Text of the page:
This post is a performance audit of the “spring-petclinic” sample application provided by VMWare/SpringSource as a demonstration of the latest Spring features and configurations.
We are going to do a step-by-step audit of the application, and show:
- Tools & techniques we usually work with when doing a performance audit
- Common pitfalls and how to avoid them
For doing this audit, we will use our own fork of the project, which is located at: https://github.com/jdubois/spring-petclinic
As this tuning is a bit long, we have split it into 5 parts, which we will post every day this week:
- Monday: setting up the tests
- Tuesday: going stateless and Tomcat tuning
- Wednesday: removing the JVM locks
- Thursday: should we stay on JDBC, or is JPA better?
- Friday: adding a cache, and final words
Many thanks to:
- Pierre Templier and Christophe Parageaud, from Ippon Technologies, for proof-reading this analysis.
- Michaël Isvy from SpringSource/VMWare, who is the main developer of the Spring-petclinic application, for helping me and allowing me to torture his application.
- Thibault Duchateau and Romain Lespinasse from the Dandelion Project, for correcting their library at an unbelievable speed.
- James Ward, the author of WebJars, for best practices in using his library.
Creating a JMeter test
First of all, we have configured the application to be in “production” mode:
- We defined the logging level to error [Source code]
- We have configured the application to use MySQL (as in this project HSQLDB runs in the same JVM as the application, and thus will distort profiling) [Source code]
We’ve created a JMeter test, which is available here.
We have run this test a first time, with the “POST new visit” step activated, in order to create 10 visits per pet. This means running this test with 10 threads, doing 13 loops each (as there are 13 pets). The “POST new visit” step was then disabled: the application does not paginate visits, so doing inserts will just break it down really quickly.
As visits are the main objects that are being created in the application, they should have been paginated, or there should be at least a limit on the dataset that is returned. On the other hand, it would be really strange that a user has a pet that goes 1000 times to the vet, so this would not be a realistic test case.
That’s why we have decided to limit this test to 10 visits per pet: this is important, as this will have an impact in the future tests.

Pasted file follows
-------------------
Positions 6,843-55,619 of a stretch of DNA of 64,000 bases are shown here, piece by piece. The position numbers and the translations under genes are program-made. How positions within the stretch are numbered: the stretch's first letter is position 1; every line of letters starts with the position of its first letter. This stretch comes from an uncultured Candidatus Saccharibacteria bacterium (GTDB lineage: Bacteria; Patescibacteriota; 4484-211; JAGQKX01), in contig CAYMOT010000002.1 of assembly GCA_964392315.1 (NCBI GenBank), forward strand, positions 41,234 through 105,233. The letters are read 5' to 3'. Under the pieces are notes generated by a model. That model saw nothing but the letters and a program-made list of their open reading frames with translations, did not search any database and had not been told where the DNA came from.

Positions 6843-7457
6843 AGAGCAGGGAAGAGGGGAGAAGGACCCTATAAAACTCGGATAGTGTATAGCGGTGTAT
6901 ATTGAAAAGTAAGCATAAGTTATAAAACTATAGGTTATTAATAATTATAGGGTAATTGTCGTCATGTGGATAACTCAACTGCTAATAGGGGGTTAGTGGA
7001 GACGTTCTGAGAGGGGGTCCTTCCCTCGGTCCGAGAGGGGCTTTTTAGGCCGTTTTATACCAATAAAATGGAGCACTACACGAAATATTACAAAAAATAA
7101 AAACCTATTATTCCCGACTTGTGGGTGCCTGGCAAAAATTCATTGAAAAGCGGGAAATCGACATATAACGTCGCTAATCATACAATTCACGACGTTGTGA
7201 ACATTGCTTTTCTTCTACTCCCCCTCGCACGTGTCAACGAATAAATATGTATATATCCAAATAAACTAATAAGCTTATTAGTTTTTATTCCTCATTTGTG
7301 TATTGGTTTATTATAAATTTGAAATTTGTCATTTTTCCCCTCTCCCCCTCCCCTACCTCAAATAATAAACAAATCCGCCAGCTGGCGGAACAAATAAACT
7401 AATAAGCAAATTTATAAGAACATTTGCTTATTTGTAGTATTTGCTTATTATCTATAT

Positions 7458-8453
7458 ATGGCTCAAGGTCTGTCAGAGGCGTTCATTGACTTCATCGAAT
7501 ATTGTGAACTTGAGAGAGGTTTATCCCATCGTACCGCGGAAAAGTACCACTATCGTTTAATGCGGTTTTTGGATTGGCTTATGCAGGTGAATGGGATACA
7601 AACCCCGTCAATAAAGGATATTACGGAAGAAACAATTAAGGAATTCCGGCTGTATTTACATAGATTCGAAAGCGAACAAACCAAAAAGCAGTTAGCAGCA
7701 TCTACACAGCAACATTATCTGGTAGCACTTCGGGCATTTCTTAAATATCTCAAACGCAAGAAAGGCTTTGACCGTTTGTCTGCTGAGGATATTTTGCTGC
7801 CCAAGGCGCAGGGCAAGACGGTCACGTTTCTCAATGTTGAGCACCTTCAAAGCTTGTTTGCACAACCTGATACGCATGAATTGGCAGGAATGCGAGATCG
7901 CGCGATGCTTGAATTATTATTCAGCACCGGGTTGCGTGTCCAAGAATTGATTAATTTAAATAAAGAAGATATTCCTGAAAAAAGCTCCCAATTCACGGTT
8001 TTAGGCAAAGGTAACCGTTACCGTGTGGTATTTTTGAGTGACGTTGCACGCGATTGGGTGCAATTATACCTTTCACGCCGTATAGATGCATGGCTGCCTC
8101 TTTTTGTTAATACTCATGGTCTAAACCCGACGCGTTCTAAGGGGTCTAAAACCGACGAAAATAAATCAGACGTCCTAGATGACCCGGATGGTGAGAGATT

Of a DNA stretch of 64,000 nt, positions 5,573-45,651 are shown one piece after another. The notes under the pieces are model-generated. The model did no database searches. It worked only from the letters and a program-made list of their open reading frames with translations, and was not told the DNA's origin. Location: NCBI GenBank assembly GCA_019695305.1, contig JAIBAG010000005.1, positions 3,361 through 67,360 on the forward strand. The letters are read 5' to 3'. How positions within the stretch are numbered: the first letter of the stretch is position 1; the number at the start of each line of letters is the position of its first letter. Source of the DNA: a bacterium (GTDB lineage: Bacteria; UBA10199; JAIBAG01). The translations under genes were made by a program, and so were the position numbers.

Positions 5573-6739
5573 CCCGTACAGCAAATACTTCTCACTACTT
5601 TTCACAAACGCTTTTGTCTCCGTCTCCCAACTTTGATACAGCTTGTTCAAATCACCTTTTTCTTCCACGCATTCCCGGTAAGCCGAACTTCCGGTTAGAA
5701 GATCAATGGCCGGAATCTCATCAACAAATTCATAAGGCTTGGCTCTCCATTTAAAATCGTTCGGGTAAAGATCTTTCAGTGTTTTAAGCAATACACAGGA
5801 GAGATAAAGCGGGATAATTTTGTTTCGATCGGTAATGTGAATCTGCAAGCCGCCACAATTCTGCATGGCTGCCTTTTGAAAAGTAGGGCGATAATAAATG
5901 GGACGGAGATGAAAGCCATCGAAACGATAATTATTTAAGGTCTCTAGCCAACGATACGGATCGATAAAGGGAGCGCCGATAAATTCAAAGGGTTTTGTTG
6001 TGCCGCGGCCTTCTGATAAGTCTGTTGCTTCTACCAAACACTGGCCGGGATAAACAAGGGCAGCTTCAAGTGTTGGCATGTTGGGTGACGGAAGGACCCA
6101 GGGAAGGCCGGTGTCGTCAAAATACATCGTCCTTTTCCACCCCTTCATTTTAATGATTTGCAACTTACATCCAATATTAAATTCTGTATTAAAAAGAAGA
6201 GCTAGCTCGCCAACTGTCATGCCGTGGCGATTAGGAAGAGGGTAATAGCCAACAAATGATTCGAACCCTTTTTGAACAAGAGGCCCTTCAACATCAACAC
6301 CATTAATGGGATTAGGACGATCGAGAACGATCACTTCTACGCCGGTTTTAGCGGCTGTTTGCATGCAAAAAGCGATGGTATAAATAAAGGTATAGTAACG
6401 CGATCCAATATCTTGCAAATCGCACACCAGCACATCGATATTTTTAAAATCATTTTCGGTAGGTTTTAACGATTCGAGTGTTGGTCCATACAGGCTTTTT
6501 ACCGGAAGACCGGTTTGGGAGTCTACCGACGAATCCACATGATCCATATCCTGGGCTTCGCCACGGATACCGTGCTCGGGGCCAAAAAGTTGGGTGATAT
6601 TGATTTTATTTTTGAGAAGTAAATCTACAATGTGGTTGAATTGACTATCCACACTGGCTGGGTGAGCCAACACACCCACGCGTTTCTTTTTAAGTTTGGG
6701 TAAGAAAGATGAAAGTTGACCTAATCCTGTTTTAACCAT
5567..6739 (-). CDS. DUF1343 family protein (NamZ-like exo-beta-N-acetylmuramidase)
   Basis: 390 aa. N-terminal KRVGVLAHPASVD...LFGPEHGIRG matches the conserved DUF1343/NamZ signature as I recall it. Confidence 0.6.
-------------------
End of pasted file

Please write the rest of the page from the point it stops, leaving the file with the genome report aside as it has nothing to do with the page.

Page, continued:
We have have then run the test normally (using “mvn clean tomcat7:run“), with a 2011 Macbook Pro, with 500 concurrent users each doing the test 10 times.
It is also important to mention that:
- Everything is on the same computer: Tomcat, MySQL, JMeter… This is not a “production” architecture but it’s easier to diagnose/debug it that way
- We use Tomcat 7, with Java 1.6 and 128M of RAM
- We have been careful in doing a “mvn clean” in the process, in order to remove older HTTP session states
- We do a “warm up” of the application before launching the tests, so the JIT compiler has the time to optimize the application
We have also run those tests on several other computers, with the same results (proportionally, some having more CPU power than the others).
The first results are as follow: the application quickly goes up to 285 requests per second (req/sec), then slows down and throws “java.lang.OutOfMemoryError: Java heap space” errors after nearly 700 users. We then have lots of HTTP errors, and the application gets so slow it is not usable anymore.
Of course, we can give more memory to the application, so that it can handle our 5000 users. With 1 Gigabytes of heap, the application can handle the load, with a result of 548 req/sec and 0,2% of HTTP errors.
Conclusion of part 1
The application cannot handle a lot of load: with 128 MB of RAM, the application starts to fail after 600 simultaneous users, which is a rather small number. Of course, we can give it more RAM to push that limit: we will be able to have more users, but as the GC will have more work, it is likely that the application does not perform very well.
We will see tomorrow, in the next episode of this series, how we started to solve that problem.